David Wallace/The Arizona Republic

A new study of global weather patterns over the past 35 years supports earlier scientific predictions the southwestern United States will become drier as atmospheric conditions that typically bring the most rain and snow to the region continue to become more rare.

The research supported by the National Science Foundation concludes that what's now considered a normal year of precipitation in the Southwest is drier than it used to be.

The scientists emphasize the new data doesn't prove climate change is responsible for increasing frequency and duration of drought.


The first storm of February in northern Arizona is expected to drop several inches of snow throughout the region. The National Weather Service has issued a winter weather advisory until 5 p.m. on Monday above 4,000 feet.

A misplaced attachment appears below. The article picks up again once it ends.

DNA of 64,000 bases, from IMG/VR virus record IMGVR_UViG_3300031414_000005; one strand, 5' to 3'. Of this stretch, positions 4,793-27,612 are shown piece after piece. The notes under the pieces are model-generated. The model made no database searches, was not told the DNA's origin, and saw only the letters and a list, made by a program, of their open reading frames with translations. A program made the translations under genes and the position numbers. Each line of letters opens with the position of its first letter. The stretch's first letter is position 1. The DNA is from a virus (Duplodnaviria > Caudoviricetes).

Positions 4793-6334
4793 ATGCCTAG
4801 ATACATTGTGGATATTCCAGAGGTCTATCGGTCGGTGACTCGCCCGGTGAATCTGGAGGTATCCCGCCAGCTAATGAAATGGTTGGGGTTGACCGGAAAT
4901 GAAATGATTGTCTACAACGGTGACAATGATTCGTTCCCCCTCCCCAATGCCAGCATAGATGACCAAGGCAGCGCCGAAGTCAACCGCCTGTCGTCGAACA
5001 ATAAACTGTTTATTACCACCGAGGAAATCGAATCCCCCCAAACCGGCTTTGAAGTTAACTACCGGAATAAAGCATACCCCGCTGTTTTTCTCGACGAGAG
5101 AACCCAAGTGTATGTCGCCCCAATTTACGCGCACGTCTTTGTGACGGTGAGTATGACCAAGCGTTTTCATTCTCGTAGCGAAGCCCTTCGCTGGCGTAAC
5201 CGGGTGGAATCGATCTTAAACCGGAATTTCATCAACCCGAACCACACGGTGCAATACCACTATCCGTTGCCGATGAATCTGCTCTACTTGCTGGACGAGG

Winter in the Southwest and West Coast could be fraught with flooding, evacuations, power outages and landslides because of El Nino, and federal officials Wednesday released their emergency plan and gave tips on how to be prepared.

Officials with the Federal Emergency Management Agency released a disaster plan for how they plan to respond to El Nino, a warming of the Pacific Ocean that can bring devastating weather.

FEMA officials also participated in a mock exercise to test their reactions.

Northern AZ Radar

Jul 1, 2014